Smoking Factors

Topics: Tobacco smoking, Tobacco, Nicotine Pages: 7 (2349 words) Published: October 30, 2005
Smoking cigarettes and chewing tobacco has become a very popular trend among many Americans and individuals throughout our society. Tobacco, however, dates back many centuries, since the early 1600's. In fact, tobacco was believed to have been the cure for all illnesses. Tobacco was used in those times strictly for medicinal purposes only. Overall tobacco has been proven not as a medicinal remedy, but as an addicting and extremely harmful stimulant. As stated in a book by Darryl S. Inaba, " Tobacco is a prime example of the addiction process. In fact eighty percent of cigarette smokers know tobacco causes cancer, yet they still smoke." (137) Throughout history, smoking has been associated with negative traits and has been heavily regulated against. England in the 1600's believed tobacco was as bad as drunkenness and punishable by death. In the past and even today there is so much negativity affiliated with smoking. Knowing all the negative aspects regarding tobacco use, it is difficult to understanding why so many individuals continue to smoke. Peter Jacobson, Et. al describes adolescents views toward smoking tobacco in his book Combating Teen Smoking,

Smoking is cool. Smoking is glamorous. Addicted to smoking? Not me. I can quit anytime I want. Health hazards of smoking? Not a problem, I'll quit long before it harms me. And beside I'll be so old and bald by the it won't even matter anyway.( 418) Everyday more and more people begin to smoke or become habitual smokers. Now this may very well be ignorance or avoidance, and lack of concern over the health factors associated with smoking. Psychosocial traits are the suggested reasons for the initiation of smoking. Psychosocial elements consist of many variables such as personality, gender, family and social peer influences, socioeconomic status, and mass media. The eternal question to be found by many researchers is why do people begin to smoke? This is a topic that has been widely reviewed by many with many answers and variables to consider. Therefore, given all the and known dangers of smoking and chewing tobacco, yet it has become a popular trend among many individuals around the world.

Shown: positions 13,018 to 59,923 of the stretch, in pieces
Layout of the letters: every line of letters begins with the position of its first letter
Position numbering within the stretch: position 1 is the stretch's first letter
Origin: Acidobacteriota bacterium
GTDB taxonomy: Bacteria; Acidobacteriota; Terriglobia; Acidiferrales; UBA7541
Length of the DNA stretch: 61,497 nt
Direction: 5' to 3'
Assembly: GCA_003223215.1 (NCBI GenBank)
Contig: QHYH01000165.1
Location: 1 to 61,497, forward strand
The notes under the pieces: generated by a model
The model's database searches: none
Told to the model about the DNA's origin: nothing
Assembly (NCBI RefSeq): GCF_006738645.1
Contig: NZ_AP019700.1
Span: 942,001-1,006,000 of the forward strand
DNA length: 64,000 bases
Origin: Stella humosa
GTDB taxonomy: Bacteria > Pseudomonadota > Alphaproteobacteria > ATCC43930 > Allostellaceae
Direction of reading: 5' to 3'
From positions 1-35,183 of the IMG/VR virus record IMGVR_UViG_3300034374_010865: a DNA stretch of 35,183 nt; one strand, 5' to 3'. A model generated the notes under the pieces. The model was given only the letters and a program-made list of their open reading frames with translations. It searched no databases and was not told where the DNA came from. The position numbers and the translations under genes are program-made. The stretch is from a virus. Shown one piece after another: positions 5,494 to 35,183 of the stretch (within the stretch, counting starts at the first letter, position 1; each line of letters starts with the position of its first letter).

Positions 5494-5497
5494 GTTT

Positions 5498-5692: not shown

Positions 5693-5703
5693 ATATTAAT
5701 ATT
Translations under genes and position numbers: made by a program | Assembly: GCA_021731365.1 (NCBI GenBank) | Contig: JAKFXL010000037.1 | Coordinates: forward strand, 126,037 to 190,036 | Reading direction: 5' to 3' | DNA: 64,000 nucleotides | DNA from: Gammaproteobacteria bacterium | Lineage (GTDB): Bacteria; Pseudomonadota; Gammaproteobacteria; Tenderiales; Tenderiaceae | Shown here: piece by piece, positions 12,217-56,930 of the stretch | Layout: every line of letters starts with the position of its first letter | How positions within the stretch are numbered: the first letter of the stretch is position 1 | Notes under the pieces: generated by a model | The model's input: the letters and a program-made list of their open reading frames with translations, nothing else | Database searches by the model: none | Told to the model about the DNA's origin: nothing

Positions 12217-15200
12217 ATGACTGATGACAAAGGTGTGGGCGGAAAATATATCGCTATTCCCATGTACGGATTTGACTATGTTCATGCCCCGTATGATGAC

Presently, the initiation of tobacco use is believed to have many psychosocial elements. There are many theories and perspectives to consider when evaluating the psychosocial factors concerning chronic tobacco use. These reasons for tobacco use are mostly unconscious and relatively unknown to most individuals who use tobacco. As reported by Viscusi, an achieved psychologist who states that " Studying the determinants of cigarette smoking is fundamentally a problem for multivariate analysis" (138). According to Viscusi studying the use of tobacco is complex and quite difficult to pin point. Basically, he states that even though knowing the psychosocial elements that encourage one to become a smoker, there are still many variables to factor when defining the eternal question.

A major factor to consider is the influence of family and social peer pressure to smoke. Many Scholars consider this to be the single most important factor among adolescents considering that their minds are open to suggestion at that age. This statement is best supported by Jack Gottsegan in his book Tobacco, where he states that " Adolescents are most vulnerable to peer pressure by older siblings, and friends" (17). Many studies by the Surgeon General and other researchers indicate that between the ages of eleven through seventeen adolescents are most susceptible to experiment with tobacco. Peter Taylor reports that " kids of smokers (½ pack per day) were twice as likely to smoke of those of nonsmokers" (355). This statistic is very intriguing considering that it only involves parental influence. This demonstrates the correlation of family influence on adolescents and encourages them to smoke. Granted, each individual is responsible for their own decision, but if a person is continuously...

Cited: Gottsegan, Jack. Tobacco. Jacksonville: Pitman,1990.
Inaba, Darryl, Pharm. William E. Cohen. Uppers, Downers, All Arounders. 5th ed. Oregon: Ashland, 2004
Joy De Peyer, Linda Waverly. Tobacco Control Policy. Chicago: World Bank. 2003.
Jacobson, Peter. Et. al. Combating Teen Smoking. Michigan: Ann Arbor. U of Michigan P. 2001.
Krasnegor, Norman. Ph.D. The Behavioral Aspects of Smoking. Maryland: NIDA. 1979.
Matarazzo, J. Psychological and Related Characteristics of Smokers and Nonsmokers. New York: Psychology. Bulletin.1960.
Olshlshuashky, Richard. No More Butts. Indiana: U of P. 1977.
Prabhat, Jha. Frank Chaloupka. Curbing The Epidemic. Chicago: World Bank. 1999.
Taylor, Peter. The Smoke Ring. New York: Pantheon. 1984.
Viscusi, Kip. Smoking. " Making the Risky Decision." New York: Oxford. U of P. 2002.
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